You can also check out fit to ride on FB as she may have some ideas (I believe she is based out of Ontario). There is also a Canada - Endurance Tack & Horse Swap page on FB that has items for sale.

I know too well the frustrations of saddle shopping. My issues are compounded by having a VERY hard to fit mare. I think I will have to ride in treeless for a bit as my only other option appears custom.

Best of luck!
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post #8 of 24 Old 02-10-2020, 03:05 PM
Join Date: May 2011
Location: California
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And as of a few days ago, I no longer have a Wintec dressage or Abetta endurance. I've been trying to clean out my tack shed, as it's about the size of a closet (but all mine, thank goodness) and 5 saddles and only one horse for them all (plus, one of the saddles doesn't fit him at all, my cheapo western) were a bit ridiculous. Not to mention I saw a Freeform treeless saddle on one of my endurance FB sales groups and the price was right so ... I got rid of a few saddles. Still have a dressage saddle, but a friend tried my Wintec and loved it, so she bought it and I sold my Abetta as I have an almost exact same saddle by the parent company of Abetta and didn't need 2 matching saddles (it was supposed to be a 'spare horse' saddle as it's a bit more rough looking than the Abetta is, but I haven't got a 'spare' horse anyway) I'll have to see how much I like the Freeform, but if it all works out, it might become my main trail saddle. I've heard good reviews about them, and lots of Tevis riders like to use them.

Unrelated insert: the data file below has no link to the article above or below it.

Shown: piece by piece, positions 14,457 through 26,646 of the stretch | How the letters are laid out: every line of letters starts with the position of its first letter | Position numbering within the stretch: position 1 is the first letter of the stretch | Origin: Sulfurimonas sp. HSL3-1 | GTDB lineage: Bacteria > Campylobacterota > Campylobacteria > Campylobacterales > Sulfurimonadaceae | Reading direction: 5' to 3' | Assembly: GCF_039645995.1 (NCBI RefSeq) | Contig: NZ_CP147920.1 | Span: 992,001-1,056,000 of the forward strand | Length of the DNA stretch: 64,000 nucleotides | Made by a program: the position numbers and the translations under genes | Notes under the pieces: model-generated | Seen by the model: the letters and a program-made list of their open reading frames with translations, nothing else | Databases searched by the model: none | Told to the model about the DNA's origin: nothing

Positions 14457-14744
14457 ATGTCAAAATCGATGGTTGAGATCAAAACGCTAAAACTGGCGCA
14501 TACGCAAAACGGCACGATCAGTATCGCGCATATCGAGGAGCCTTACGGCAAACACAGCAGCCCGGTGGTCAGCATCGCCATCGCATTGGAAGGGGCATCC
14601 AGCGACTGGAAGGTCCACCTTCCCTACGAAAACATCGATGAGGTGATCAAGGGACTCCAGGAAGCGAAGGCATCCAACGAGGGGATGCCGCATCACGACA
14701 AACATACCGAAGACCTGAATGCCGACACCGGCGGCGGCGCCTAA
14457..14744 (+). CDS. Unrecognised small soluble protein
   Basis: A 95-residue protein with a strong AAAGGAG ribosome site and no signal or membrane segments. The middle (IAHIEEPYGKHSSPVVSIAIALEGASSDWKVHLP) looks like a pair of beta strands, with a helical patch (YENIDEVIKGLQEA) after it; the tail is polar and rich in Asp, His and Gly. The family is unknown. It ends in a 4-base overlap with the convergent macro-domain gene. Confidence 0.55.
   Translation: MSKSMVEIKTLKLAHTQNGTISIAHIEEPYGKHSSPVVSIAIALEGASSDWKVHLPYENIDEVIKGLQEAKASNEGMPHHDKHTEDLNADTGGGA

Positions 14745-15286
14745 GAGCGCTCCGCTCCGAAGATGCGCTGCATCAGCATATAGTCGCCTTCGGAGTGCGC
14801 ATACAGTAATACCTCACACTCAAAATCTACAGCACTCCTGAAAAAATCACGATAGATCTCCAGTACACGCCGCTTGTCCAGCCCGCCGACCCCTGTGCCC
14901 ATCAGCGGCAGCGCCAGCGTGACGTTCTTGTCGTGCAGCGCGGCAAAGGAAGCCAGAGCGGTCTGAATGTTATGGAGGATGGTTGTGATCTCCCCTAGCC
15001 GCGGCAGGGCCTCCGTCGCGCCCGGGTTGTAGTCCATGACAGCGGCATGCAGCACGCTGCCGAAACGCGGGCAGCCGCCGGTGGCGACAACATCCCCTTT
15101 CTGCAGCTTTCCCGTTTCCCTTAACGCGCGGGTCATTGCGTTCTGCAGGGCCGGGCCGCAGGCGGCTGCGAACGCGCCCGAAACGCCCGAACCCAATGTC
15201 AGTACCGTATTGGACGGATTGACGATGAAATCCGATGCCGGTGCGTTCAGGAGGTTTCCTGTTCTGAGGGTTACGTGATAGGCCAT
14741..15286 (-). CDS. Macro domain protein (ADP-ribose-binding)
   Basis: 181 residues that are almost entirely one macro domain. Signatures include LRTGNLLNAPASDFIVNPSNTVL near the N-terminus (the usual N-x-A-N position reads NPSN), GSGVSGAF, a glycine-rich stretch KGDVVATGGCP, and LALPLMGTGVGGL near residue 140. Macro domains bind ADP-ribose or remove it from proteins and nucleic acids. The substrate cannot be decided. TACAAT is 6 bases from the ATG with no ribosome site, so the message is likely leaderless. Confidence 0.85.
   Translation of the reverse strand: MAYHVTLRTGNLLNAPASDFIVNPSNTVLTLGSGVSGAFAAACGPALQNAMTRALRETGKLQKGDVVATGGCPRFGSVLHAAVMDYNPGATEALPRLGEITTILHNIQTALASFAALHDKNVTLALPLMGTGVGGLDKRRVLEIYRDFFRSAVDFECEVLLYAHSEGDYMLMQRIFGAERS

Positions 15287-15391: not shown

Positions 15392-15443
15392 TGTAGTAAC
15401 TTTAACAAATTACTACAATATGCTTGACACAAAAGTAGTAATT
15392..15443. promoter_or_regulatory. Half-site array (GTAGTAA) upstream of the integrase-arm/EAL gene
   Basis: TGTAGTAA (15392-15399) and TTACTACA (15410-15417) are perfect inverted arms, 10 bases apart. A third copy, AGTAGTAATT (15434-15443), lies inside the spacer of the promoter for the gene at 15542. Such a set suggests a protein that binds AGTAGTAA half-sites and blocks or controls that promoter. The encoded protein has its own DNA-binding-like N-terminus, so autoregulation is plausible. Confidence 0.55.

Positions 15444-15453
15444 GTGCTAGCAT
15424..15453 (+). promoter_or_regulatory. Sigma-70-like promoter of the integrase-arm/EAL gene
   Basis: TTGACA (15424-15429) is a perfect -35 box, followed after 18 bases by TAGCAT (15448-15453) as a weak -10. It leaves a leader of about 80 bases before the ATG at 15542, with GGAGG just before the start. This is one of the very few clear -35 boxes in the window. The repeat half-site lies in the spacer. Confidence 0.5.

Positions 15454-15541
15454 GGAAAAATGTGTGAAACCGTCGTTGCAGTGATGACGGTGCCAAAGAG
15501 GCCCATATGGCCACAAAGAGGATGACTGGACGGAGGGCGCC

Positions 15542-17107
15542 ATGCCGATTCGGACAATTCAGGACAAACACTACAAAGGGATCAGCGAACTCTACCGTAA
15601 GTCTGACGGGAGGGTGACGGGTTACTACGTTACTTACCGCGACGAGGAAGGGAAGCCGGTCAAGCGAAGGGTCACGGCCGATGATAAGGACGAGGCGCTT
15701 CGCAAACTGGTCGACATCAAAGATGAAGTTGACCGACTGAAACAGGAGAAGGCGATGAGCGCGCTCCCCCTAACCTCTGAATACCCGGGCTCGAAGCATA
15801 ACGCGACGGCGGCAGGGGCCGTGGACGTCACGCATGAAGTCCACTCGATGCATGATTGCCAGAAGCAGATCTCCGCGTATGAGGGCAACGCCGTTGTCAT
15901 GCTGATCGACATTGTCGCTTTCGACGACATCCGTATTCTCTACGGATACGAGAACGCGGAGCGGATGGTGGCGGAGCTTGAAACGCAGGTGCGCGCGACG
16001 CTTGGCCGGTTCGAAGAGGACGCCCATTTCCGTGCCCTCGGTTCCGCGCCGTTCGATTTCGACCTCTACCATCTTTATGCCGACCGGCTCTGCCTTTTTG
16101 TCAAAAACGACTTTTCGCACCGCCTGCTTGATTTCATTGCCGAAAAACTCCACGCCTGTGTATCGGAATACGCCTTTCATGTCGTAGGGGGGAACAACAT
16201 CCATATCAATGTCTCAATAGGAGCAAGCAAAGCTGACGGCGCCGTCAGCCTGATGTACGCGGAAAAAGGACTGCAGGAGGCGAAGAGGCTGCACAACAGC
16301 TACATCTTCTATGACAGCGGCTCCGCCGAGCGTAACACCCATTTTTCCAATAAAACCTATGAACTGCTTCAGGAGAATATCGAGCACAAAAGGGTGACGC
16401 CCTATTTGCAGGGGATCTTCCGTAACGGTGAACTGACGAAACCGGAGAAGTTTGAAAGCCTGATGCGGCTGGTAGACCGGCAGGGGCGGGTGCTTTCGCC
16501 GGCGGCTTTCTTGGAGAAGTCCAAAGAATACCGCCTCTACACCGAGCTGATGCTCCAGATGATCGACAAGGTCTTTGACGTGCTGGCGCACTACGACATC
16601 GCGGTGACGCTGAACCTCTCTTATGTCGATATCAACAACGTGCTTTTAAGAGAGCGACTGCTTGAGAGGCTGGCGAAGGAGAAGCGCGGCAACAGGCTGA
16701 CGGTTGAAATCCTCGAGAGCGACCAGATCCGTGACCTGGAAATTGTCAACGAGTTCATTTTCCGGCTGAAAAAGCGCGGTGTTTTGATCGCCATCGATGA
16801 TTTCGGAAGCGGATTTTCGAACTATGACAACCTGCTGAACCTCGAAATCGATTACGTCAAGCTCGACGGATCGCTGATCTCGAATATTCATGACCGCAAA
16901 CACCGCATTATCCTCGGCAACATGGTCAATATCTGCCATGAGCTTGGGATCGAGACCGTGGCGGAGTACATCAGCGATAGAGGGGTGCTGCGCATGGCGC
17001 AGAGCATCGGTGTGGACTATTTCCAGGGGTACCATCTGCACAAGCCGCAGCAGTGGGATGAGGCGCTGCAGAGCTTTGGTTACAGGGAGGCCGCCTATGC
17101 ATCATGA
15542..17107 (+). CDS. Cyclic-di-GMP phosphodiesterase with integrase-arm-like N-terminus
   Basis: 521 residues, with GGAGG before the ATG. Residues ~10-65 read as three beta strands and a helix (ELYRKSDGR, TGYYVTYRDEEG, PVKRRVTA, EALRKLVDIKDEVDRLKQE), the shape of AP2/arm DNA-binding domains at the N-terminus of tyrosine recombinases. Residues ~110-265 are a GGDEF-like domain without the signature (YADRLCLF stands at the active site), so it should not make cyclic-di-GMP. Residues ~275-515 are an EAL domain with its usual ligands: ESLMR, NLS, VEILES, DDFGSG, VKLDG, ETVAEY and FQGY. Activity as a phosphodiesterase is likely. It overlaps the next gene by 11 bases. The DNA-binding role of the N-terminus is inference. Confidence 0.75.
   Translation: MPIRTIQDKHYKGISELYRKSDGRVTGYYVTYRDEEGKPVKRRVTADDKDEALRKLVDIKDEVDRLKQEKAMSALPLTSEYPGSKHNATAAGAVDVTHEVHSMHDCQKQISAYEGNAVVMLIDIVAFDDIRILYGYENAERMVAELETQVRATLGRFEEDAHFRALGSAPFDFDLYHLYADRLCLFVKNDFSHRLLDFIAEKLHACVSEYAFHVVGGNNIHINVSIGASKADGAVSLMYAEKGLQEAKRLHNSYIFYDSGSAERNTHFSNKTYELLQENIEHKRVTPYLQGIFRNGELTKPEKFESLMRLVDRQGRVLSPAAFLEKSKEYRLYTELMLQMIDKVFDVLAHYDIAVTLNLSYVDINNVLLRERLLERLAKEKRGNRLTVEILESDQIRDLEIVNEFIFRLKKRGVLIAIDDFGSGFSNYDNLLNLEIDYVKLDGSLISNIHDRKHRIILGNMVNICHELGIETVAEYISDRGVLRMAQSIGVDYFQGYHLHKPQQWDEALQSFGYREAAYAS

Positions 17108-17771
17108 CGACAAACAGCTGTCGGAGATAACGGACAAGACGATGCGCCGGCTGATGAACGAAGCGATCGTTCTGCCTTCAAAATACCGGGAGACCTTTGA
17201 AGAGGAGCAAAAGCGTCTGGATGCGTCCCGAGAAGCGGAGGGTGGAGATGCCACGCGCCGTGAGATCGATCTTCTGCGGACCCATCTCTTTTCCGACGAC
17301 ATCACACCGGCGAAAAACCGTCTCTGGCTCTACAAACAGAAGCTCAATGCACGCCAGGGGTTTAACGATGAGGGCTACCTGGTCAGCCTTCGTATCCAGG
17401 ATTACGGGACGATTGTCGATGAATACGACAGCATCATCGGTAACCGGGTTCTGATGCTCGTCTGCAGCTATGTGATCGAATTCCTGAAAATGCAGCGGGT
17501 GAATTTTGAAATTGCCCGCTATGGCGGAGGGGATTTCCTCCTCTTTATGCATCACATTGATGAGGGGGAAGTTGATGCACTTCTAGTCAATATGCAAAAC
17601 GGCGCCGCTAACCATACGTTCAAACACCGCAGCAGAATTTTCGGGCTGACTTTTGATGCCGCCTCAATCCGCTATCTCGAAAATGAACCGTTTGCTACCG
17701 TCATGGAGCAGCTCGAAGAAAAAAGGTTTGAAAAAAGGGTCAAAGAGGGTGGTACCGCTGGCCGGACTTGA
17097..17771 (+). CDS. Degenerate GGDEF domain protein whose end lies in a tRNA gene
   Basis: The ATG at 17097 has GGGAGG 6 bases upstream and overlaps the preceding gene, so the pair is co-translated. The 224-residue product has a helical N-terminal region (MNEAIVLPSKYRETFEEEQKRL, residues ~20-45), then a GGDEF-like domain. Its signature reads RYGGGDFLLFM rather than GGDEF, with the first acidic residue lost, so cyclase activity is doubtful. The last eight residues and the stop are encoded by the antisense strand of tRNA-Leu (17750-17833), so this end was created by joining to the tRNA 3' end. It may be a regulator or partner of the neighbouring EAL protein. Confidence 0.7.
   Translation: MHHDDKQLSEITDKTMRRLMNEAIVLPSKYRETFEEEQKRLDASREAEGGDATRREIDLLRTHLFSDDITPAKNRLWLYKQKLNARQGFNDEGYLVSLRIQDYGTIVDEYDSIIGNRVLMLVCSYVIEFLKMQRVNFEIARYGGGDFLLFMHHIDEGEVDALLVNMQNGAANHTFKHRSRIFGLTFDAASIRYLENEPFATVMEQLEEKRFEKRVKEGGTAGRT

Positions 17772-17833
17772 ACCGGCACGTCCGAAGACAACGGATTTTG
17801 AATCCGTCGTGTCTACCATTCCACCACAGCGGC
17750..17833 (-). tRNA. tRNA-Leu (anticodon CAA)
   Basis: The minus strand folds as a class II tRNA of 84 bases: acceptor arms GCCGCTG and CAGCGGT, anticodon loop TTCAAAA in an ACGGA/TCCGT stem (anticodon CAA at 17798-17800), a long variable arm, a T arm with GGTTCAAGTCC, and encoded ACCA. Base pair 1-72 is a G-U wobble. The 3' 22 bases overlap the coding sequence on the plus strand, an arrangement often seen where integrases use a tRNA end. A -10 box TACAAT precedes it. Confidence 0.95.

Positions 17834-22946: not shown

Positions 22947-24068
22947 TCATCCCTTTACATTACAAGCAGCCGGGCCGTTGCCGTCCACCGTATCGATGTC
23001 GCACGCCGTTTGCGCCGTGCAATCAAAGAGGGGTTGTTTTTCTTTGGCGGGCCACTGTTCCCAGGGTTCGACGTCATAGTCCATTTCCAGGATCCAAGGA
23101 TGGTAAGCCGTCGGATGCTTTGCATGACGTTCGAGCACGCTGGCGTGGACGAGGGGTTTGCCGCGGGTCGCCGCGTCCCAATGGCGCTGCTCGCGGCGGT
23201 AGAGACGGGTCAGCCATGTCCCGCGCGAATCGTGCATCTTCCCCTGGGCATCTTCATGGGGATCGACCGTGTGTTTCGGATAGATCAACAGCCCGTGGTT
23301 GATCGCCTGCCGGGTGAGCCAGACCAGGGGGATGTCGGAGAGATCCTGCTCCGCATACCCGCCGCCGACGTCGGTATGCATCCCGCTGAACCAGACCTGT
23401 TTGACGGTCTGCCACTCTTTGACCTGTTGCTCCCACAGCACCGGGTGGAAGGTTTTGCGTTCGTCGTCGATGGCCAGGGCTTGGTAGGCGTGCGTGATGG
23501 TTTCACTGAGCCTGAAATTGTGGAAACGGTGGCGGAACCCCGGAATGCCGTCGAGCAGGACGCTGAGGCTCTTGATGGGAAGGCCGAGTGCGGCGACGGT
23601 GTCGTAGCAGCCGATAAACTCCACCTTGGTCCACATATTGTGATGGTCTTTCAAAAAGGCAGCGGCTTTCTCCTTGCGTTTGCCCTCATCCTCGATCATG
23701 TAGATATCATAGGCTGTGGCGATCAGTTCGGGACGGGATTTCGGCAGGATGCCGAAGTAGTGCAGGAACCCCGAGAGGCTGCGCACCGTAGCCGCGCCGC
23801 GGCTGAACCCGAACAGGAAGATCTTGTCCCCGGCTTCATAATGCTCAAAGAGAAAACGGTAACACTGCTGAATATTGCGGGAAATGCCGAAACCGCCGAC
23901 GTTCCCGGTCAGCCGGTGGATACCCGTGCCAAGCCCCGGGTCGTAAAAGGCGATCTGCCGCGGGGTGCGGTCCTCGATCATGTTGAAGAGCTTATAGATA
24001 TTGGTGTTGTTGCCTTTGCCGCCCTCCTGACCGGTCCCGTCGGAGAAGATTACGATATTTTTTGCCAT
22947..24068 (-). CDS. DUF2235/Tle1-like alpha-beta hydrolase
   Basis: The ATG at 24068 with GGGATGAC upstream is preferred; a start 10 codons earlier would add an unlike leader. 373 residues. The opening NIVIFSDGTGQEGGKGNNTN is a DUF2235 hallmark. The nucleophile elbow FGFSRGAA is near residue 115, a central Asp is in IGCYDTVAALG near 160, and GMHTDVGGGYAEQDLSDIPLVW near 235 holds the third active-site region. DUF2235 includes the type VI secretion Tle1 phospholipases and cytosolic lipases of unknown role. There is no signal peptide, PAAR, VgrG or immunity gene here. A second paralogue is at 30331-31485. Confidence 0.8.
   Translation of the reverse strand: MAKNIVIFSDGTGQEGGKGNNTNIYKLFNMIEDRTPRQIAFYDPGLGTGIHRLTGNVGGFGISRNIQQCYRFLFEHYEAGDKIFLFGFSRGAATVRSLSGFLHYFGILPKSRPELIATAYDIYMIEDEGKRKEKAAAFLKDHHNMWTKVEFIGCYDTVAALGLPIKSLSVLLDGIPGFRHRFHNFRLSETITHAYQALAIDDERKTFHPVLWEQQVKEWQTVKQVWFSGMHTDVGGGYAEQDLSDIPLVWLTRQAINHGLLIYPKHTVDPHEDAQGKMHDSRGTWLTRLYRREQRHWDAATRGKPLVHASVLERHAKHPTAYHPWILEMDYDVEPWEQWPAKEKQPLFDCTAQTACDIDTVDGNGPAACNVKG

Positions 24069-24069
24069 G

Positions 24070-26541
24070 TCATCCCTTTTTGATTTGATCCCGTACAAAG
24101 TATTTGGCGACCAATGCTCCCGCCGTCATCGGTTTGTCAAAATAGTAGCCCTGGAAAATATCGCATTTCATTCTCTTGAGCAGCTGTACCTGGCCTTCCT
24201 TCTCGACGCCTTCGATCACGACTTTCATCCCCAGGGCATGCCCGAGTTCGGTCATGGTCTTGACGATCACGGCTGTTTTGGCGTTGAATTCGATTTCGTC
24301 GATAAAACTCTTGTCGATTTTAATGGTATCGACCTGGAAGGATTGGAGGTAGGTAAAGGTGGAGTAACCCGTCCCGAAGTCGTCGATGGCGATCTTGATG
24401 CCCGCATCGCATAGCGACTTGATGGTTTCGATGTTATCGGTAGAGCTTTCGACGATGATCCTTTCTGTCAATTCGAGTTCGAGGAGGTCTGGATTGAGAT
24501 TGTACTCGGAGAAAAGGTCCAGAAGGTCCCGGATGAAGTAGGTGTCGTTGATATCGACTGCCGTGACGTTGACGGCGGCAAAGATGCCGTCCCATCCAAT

My bridles and things are all beta biothane now. I only have one leather bridle left and that's the fancy dressage one. Beta is so easy to clean, just chuck it in a bucket and hang to dry.
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post #9 of 24 Old 02-10-2020, 03:06 PM
Join Date: May 2017
Location: Minnesota
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Ok so the deal with true endurance saddles is they're not particularly comfortable for walking. They're usually great for posting trot or cantering but more than short walking distances are pretty brutal.

Agree with the others, no matter what kind of saddle you get buy a sheepskin. That'll make all of the difference! I'm not a huge fan of gel/cushions (at least the cheaper versions) because they never seem to stay in place but some people like them. I think @phantomhorse13 has a Thinline pad on her saddle right now that she likes.

As far as saddle brands go: my current/newest addition is a Specialized. I'm so far in love with it and it seems to fit my horse really well. I have an Ultralight and it is light, comfortable (I have like a furry seat on it so I don't need a sheepskin), very secure (for Arabian teleportation moves), and has leathers which I'm really liking for knee comfort. See above comment about not being the most comfortable to walk super far in though.

My other go to is an Abetta endurance. Mine has a sheepskin on it which helps a lot but it does have fenders. I've seen people take them off though and switch to leathers. Seems to fit several of our horses pretty well. See above comment about not being the most comfortable to walk super far in as well.

Tuckers are loved by trail riders, not as much if you're looking to do endurance. They're pretty heavy (as far as endurance saddles go) and they don't seem to really fit most horses well.

Reactor Panels are also pretty common in this area and people seem to like them a lot.
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post #10 of 24 Old 02-10-2020, 03:20 PM
Join Date: Feb 2020
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I've always wondered how important weight of the saddle really is when it comes to endurance. For example I'm only around 110 lbs. sopping wet. If, theoretically, I was doing long distance would it really make a difference to my horse if the saddle isn't feather light and instead more of a traditional trail saddle? And what is the difference between a good trail or endurance saddle? Is an endurance saddle easy to move in for very long distances and a trail comfortable to sit in for short?

I have an interest in endurance but I've seen a lot of people also say that what really matters is getting a saddle that's comfortable/works for you and your horse whether or not it's marketed for endurance.